• Once all the scientific results are in, society’s philosophical approach to risk management will determine what policies are enacted
    • A safe and happy future depends on knowing the risks that some hazards pose and on replacing those substances with safer ones
  • QUESTION: Review
    • Which of the following is a biological hazard?
      • Earthquake
      • Smoking
      • Virus
      • A pesticide
      • All are biological hazards
  • QUESTION: Review
    • A “vector” is defined as …
      • A highly toxic, radioactive compound
      • An organism that transfers pathogens to a hose
      • A compound with fire-retardant properties
      • A compound that mimics natural substances
  • QUESTION: Review
    • Toxicity is …
      • The study of the effects of poisonous substances
      • Any toxic agent
      • Any substance that causes environmental degradation
      • The degree of harm a substance can cause
  • QUESTION: Review
    • A “teratogen” causes…?
      • Cancer
      • Mutations
      • Birth defects
      • Problems in the hormonal system
  • QUESTION: Review
    • Why is research into endocrine disrupters controversial?
      • Negative findings threaten the industry’s economics
      • Research is still only beginning
      • Much research is funded by industry
      • All of these are reasons why research is controversial
  • QUESTION: Review
    • A human-based study that compares a group of smokers to non-smokers to determine the effects of smoking is …
      • An epidemiological study
      • A case study
      • Not likely to be funded
      • Not going to tell about future risks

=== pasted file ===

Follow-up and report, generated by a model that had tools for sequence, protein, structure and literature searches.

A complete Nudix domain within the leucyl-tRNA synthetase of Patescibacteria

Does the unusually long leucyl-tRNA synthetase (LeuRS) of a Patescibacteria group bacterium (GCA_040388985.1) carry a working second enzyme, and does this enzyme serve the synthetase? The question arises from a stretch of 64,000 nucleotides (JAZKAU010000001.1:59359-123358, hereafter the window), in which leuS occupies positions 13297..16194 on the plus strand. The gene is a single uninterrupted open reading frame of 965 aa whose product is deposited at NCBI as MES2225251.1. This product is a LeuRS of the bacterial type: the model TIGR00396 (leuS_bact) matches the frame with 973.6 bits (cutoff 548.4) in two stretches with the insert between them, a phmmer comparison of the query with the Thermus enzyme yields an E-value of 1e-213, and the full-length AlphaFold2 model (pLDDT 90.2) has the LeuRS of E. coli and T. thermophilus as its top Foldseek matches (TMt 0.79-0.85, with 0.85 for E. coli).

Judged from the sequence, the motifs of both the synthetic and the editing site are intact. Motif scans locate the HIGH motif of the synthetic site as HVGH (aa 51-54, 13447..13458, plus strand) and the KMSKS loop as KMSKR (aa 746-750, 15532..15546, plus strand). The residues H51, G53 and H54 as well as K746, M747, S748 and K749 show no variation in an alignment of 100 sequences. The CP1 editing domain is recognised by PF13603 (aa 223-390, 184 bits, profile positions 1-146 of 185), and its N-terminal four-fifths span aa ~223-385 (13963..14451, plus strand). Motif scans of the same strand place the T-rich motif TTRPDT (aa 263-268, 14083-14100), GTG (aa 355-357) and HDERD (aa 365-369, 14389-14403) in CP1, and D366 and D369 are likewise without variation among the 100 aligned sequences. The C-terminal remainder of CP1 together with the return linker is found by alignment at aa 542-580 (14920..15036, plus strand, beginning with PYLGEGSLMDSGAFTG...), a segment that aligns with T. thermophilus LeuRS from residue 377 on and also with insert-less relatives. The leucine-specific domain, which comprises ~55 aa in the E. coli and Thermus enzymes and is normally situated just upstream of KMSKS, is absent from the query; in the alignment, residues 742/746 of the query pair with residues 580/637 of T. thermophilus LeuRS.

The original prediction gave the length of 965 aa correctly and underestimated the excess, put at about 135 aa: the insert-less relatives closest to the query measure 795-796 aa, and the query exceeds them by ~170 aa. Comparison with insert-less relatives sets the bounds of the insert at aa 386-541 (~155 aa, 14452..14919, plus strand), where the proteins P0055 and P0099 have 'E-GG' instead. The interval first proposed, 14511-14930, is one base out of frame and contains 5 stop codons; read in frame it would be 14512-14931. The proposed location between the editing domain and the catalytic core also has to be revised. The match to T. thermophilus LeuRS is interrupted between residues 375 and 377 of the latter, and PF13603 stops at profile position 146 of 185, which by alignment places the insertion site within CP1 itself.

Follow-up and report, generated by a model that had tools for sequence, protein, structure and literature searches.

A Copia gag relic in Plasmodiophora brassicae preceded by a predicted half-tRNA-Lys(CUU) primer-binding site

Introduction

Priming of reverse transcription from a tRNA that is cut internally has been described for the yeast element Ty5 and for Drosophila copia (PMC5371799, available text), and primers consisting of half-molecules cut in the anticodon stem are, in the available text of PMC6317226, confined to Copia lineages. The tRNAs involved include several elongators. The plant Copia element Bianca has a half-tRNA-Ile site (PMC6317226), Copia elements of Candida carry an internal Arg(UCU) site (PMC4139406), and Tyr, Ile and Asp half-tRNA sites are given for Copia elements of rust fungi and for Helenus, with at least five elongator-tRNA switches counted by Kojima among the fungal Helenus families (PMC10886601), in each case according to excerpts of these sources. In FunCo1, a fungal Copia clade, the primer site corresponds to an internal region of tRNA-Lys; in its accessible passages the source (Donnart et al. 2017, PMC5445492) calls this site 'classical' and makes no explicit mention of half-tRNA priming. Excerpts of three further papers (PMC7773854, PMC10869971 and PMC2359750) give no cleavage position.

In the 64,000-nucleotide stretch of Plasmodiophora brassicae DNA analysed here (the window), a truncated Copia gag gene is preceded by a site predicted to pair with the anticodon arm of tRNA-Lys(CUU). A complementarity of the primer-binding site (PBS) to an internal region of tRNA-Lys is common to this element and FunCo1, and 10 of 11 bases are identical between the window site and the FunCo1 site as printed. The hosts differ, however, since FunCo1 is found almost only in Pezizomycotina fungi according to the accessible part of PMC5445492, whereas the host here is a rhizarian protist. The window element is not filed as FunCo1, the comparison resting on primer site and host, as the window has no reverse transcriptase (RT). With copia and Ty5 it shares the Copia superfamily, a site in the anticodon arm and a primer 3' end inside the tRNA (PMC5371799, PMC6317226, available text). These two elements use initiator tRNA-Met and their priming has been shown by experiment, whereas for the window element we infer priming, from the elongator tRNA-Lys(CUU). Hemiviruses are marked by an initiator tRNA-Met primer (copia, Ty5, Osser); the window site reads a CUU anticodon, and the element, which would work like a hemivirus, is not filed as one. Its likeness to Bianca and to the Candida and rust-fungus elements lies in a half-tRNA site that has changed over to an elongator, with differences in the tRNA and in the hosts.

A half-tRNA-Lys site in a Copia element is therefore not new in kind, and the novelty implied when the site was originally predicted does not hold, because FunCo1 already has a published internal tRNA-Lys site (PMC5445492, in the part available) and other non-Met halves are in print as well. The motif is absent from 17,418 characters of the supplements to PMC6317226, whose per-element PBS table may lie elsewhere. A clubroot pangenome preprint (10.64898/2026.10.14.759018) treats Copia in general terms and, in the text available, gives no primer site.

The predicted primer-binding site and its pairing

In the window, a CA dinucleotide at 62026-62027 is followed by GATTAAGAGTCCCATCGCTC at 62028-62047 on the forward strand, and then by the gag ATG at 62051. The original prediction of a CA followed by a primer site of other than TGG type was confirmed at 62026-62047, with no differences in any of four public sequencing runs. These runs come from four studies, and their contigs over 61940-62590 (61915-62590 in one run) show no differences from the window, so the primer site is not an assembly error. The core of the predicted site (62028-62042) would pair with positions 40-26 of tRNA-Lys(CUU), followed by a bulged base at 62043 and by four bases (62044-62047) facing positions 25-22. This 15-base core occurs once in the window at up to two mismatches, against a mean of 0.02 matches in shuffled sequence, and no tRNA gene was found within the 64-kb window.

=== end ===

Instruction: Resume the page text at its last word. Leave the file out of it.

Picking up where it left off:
• QUESTION: Interpreting Graphs and Data
    • Our perception, and the reality, of risk often do not match. Given this graph (reality), and your knowledge of sources of anxiety (perception), which statement is correct?
      • Smoking is very dangerous and we are very anxious about it
      • Smoking is not dangerous, but we are very anxious about it
      • Airplane accidents are dangerous, and we are very anxious about it
      • Airplane accidents are not dangerous, but we are very anxious about it
  • QUESTION: Interpreting Graphs and Data
    • If the “low” dose = 5 units of a chemical, the “medium” dose = 10 units, and the “high” dose = 15 units, how much of the chemical is required to kill 50% of the study population?
    From The Science behind the Stories
    • About 5 units
    • About 10 units
    • About 15 units
    • You can’t tell from the graph
  • QUESTION: Viewpoints
    • Is it unethical for a country that has banned a chemical to manufacture and export it to other countries?
      • Yes; if we won’t have it in the U.S., we shouldn’t make it
      • Yes, but the money we get from selling it will help our economy
      • No; let people decide what they want to do
      • No; in fact, chemicals should not be banned in the U.S. either
  • QUESTION: Viewpoints
    • Should the government follow the precautionary principle and force industries to prove their products are safe?
      • Absolutely; it is up to industry to prove its chemicals are safe
      • Maybe, if it is not too expensive
      • No; let the government and scientists prove a chemical is dangerous before it is taken off the market
      • No, as long as the product makes money and jobs for the industry, it should be allowed